Image: Different styles of facemasks worn in China (Photo courtesy of the AP).
A new study suggests that the majority of commercially available facemasks may not provide adequate protection against particulate matter (PM) air pollution.
Researchers at the Institute of Occupational Medicine (IOM; Edinburgh, United Kingdom), Durham University (United Kingdom; Durham), and other institutions conducted a study to evaluate the effectiveness of facemasks commercially available in China. The nine masks selected claimed protection against a PM of 2.5, which includes soot, droplets, and other particles smaller than 2.5 microns in diameter. The masks’ filtration efficiency was tested by drawing airborne diesel exhaust through the material, and measuring PM2.5 and black carbon (BC) concentrations both upstream and downstream of the filtering medium.
Four masks were also selected for testing on volunteers, who were exposed to diesel exhaust inside an experimental chamber while doing sedentary and active tasks; BC concentrations were continuously monitored inside and outside the mask. The results revealed that penetration levels ranged from 0.26% to 29%, depending on flow rate and mask material. In the volunteer tests, average total inward leakage (TIL) of BC ranged from 3% to 68% in the sedentary tests, and from 7% to 66% in the active tests. Only one mask tested showed an average TIL of less than 10%, under both test conditions. The study was published on April 9, 2018, in BMJ Occupational and Environmental Medicine.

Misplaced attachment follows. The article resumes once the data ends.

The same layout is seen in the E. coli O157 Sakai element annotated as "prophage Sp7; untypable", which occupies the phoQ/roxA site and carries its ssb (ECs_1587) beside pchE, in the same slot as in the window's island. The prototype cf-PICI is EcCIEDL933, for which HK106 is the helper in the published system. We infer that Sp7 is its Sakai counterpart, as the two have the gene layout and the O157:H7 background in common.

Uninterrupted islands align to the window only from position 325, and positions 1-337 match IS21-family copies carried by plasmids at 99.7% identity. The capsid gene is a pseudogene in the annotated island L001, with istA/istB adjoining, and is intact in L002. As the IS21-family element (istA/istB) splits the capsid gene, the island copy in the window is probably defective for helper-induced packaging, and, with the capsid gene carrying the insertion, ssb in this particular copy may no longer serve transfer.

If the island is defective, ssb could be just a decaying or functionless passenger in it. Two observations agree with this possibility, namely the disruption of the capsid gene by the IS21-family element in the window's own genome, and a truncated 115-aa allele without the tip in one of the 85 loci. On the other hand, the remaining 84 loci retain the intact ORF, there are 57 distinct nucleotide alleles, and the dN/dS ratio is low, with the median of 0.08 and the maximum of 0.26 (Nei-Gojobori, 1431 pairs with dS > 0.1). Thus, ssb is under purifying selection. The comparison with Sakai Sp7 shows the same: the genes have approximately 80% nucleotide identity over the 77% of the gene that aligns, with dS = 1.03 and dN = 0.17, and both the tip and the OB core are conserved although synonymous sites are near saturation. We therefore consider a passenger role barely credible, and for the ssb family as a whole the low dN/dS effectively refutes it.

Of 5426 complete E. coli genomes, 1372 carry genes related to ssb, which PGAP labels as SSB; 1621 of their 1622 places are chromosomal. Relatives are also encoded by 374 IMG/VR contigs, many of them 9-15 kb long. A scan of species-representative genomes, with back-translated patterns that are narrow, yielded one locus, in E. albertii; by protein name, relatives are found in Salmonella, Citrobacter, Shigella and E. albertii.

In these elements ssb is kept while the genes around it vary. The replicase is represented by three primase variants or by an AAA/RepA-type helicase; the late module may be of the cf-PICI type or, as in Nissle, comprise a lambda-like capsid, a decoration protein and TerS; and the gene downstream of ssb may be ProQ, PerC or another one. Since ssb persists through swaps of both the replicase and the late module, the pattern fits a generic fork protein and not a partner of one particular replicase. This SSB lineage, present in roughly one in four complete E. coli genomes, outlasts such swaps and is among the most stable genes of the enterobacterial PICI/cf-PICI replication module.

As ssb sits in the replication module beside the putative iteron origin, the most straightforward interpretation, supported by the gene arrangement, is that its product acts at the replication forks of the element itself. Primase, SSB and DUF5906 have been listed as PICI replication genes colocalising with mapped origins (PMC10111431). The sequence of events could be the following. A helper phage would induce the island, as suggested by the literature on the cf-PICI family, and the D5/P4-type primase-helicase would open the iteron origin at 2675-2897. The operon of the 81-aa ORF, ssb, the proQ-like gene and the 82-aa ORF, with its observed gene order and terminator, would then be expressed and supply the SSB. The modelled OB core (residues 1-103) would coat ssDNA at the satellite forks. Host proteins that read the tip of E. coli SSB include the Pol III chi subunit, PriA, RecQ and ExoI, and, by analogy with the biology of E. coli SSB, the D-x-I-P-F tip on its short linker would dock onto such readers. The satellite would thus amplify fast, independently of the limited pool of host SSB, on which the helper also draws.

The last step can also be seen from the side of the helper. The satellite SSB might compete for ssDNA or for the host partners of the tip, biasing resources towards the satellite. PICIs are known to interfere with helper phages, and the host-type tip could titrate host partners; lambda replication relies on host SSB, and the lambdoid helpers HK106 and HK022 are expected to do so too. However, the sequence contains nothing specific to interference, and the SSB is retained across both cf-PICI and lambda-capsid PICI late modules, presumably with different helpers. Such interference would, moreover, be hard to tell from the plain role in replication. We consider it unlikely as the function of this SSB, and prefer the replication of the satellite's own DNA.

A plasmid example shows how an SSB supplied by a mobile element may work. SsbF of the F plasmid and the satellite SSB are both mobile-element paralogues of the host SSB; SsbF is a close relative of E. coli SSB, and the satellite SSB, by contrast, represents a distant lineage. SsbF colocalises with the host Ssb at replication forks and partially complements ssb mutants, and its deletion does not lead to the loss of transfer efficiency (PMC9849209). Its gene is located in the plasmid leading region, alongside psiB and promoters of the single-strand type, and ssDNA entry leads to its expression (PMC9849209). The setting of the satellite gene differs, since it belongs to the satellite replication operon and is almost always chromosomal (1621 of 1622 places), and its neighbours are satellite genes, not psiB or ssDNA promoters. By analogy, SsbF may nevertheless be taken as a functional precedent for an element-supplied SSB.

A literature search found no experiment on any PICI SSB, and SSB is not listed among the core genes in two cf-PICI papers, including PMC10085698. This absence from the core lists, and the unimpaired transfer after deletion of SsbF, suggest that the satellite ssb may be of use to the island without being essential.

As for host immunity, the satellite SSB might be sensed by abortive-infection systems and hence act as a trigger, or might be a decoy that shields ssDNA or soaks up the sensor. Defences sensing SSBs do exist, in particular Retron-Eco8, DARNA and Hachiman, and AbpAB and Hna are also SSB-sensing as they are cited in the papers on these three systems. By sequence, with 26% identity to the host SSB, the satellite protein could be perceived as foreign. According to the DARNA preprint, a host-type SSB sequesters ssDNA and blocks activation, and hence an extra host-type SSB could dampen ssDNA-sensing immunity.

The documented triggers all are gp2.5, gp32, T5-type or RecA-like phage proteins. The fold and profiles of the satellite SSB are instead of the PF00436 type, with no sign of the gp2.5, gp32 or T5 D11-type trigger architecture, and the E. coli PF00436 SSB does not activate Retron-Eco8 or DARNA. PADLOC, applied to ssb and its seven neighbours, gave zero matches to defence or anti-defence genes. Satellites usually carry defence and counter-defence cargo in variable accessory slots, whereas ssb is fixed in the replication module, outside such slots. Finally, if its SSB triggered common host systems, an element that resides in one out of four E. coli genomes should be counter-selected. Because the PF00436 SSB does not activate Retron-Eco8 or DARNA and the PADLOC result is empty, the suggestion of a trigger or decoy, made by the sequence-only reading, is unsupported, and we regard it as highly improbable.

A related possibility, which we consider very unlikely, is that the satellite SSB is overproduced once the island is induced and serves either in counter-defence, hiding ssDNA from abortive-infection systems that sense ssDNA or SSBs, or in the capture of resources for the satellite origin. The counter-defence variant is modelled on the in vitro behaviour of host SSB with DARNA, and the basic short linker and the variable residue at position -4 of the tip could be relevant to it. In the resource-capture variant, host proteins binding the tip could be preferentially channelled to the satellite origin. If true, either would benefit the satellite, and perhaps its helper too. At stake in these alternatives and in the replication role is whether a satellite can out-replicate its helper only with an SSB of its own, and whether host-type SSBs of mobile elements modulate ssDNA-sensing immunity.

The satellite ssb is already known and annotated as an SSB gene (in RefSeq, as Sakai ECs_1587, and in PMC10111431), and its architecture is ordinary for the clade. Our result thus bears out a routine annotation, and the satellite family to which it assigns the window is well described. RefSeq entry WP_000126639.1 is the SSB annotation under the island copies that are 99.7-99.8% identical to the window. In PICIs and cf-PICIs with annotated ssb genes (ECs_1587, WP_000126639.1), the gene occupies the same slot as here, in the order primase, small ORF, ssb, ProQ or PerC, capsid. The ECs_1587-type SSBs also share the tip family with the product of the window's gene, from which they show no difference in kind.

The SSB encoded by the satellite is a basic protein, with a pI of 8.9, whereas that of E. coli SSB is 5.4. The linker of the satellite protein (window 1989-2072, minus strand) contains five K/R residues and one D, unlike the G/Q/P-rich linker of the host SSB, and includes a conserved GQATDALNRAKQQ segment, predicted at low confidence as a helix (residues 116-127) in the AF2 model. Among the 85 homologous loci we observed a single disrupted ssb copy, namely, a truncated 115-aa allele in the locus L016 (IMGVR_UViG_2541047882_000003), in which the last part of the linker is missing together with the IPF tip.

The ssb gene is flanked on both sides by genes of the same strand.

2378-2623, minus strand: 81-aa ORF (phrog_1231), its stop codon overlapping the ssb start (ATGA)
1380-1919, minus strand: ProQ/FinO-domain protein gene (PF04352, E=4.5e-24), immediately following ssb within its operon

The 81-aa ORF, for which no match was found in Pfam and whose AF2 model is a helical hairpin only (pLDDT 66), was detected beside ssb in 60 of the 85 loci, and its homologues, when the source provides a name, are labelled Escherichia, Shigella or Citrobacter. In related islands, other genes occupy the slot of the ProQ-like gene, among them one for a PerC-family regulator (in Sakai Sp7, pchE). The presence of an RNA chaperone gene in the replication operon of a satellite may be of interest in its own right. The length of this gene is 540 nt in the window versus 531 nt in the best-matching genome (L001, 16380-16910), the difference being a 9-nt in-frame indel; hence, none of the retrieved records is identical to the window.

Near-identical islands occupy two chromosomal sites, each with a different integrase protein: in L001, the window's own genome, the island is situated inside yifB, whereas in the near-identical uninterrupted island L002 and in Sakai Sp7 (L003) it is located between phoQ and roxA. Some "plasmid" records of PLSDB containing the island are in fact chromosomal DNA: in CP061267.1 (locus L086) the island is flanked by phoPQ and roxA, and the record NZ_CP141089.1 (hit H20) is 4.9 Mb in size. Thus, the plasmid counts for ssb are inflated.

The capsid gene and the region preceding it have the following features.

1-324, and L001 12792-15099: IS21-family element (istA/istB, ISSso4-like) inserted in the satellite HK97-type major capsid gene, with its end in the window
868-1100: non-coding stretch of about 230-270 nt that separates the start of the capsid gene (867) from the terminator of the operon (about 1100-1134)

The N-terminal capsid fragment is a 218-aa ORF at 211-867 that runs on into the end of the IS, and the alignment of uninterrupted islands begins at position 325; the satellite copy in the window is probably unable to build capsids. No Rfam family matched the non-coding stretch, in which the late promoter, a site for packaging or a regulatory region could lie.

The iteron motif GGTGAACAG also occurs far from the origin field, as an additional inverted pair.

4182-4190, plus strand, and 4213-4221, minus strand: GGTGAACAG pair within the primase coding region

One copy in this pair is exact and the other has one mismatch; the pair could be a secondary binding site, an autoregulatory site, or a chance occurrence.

“Many commercially available face masks may not provide adequate protection, primarily due to poor facial fit. Our results indicate that further attention should be given to mask design and providing evidence-based guidance to consumers,” concluded lead author Professor John Cherrie, PhD, of the IOM, and colleagues. “If it's important for you to protect yourself or your family with masks, choose the best one you can and look for one marketed to workplaces. Don't opt for the cheapest option, choose the one that's most likely to do the best job.”
The annual average PM2.5 concentrations in Chinese megacities like Beijing exceed the World Health Organization guideline of 10 µg/m3, and corresponding BC concentrations are around 5 µg/m3. In fact, Beijing PM2.5 concentrations often reach unhealthy levels during the winter and near busy streets. Air pollution in China causes around 1.6 million premature deaths annually, and the loss of around 31 million disability-adjusted life years.
Institute of Occupational Medicine